Tonight, a friend passed a referral to me. I went to look at the company website – we’ll call them “LLC.com”. Their web design firm has posted some videos about what a great place this company is to work for. Now, defining your corporate culture is an excellent use of video in today’s climate. Google has done it with the Life At Google series on YouTube. The Google series is shot well, and has compelling themes.
The videos I watched tonight on the LLC site were
• Grainy – if I didn’t know better, I’d think they were shot with someone’s camera phone.
• Used the on camera microphone – a very big no no. Sound is as important as picture, and since all of these shots were extreme close-ups, to have the voice sound like it was coming from a barrel is quite rude from the position of a viewer.
• Looked cheap. One of the persons were shot sitting in front of a window. The light coming from behind washes the subject out.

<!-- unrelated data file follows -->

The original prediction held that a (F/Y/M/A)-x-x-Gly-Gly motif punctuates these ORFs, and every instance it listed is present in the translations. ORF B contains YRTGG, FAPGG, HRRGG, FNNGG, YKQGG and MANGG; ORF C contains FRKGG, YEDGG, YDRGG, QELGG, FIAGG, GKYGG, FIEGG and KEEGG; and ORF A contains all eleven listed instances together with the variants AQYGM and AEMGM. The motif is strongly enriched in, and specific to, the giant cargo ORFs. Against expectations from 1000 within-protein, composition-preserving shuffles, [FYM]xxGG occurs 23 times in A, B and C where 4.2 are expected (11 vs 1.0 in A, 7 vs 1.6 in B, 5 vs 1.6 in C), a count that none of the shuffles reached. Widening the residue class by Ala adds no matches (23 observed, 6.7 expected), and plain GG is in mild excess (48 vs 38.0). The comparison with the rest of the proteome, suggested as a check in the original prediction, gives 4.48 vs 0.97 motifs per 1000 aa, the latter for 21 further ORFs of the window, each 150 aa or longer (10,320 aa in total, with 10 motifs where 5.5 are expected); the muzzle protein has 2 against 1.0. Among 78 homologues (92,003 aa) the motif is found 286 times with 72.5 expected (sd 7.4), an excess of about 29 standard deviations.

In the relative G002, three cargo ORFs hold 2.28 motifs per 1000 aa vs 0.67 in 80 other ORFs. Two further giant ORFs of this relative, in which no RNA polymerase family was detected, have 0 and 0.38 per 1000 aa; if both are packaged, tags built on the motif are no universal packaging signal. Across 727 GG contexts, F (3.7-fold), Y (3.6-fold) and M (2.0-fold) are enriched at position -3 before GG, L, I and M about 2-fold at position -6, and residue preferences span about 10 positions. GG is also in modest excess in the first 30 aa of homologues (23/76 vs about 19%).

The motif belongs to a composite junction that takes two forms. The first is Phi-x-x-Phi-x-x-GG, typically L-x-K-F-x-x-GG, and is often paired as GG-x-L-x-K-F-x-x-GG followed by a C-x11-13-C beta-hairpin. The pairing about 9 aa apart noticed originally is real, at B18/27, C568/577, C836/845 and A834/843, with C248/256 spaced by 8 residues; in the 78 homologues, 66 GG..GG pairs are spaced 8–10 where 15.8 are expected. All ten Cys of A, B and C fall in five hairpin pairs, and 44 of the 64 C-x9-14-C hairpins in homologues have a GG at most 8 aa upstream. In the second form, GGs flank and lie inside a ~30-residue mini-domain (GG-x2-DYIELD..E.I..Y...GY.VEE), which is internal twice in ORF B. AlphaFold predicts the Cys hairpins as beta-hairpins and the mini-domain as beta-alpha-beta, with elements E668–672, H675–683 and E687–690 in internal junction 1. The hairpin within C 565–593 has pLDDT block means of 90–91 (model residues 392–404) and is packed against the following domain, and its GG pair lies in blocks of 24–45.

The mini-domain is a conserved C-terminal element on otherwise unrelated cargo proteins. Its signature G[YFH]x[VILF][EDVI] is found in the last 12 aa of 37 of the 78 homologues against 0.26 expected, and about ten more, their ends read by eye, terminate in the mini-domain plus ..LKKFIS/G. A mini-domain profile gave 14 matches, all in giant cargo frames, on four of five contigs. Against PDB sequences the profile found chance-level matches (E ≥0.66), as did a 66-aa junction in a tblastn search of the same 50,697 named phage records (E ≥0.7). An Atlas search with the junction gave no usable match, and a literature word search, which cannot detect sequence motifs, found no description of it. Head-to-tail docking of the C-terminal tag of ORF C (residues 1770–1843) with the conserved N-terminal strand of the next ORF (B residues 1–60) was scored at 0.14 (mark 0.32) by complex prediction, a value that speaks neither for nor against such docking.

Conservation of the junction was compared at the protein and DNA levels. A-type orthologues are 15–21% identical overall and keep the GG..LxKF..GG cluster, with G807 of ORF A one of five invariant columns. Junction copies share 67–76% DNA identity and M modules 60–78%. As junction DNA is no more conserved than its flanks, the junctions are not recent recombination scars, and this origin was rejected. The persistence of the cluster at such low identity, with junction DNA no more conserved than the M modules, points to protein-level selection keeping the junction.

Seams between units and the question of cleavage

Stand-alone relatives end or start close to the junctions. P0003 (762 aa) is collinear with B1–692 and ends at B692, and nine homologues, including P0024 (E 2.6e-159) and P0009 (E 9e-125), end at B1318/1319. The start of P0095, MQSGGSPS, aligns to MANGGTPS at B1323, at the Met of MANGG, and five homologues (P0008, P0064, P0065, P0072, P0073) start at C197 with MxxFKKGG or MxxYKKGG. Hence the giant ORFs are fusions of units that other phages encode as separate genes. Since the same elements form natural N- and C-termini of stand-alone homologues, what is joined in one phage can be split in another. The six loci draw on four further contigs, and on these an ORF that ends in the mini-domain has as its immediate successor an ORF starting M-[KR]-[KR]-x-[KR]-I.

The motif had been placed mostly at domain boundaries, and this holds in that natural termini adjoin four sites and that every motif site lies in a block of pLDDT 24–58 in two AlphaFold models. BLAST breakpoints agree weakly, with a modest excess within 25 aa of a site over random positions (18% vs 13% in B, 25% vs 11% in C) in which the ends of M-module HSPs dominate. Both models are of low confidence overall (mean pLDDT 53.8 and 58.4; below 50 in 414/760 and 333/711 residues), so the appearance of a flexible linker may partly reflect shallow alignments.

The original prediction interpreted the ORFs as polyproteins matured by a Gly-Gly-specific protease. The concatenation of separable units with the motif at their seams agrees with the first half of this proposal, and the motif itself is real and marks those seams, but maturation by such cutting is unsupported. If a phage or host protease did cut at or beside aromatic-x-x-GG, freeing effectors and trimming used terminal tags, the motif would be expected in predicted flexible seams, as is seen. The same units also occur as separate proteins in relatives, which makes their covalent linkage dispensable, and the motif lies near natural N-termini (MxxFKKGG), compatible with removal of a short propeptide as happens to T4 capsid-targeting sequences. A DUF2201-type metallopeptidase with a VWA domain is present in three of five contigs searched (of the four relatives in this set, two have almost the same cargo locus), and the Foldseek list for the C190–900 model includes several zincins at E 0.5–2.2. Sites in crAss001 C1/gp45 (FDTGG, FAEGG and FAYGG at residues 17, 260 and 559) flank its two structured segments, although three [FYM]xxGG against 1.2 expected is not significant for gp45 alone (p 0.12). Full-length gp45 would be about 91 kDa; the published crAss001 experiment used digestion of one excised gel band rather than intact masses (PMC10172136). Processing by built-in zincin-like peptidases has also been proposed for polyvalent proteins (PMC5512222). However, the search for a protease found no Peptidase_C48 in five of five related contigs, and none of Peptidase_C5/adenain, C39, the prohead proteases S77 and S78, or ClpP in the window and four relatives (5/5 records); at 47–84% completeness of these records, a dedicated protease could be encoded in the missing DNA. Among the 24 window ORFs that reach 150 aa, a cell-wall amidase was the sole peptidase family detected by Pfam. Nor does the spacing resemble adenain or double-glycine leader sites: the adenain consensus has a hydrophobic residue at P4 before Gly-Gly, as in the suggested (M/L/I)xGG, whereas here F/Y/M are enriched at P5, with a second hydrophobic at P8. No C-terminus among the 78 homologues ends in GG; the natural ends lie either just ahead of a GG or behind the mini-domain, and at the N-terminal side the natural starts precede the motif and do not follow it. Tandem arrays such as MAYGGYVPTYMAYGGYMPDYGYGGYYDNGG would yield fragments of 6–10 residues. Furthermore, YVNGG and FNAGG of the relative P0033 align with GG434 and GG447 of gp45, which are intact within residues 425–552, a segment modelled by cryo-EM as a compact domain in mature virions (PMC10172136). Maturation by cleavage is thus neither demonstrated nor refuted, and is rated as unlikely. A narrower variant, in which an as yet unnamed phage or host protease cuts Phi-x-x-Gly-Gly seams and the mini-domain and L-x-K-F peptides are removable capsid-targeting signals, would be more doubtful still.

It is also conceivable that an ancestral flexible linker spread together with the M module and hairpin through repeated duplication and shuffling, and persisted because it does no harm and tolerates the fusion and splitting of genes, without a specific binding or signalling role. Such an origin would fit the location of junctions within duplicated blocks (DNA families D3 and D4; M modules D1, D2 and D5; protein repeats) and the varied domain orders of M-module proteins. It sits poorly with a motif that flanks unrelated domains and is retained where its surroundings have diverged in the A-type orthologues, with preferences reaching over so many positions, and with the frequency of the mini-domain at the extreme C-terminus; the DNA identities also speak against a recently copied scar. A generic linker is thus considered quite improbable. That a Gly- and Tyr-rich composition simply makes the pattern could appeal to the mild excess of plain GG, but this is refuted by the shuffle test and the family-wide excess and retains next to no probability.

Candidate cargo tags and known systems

Another web designer called to tell me about a client who needed video. Before I could respond, however, he called back to say the client had shot the video himself. He said the quality was just “OK”. The webmaster wouldn’t offer his opinion, and unfortunately, his client may suffer.
Producing videos for businesses is a lot more than Point And Shoot. I completely understand the DIY point of view, BUT. . .
• You have to have an external microphone, period. No discussion.
• The basics of 3 point lighting are simple to learn. So use room lamps, and buy some Perfect Daylight bulbs so at least your colors come out right, and your subjects look like somebody you would want to watch.
• Seriously consider using a professional. The expertise we bring in storytelling and getting the right message across with the right pictures and edits can make all the difference.
If you’ve made an investment in an attractive website, it’s only right to make sure your content stands out as well.
———- That’s a wrap.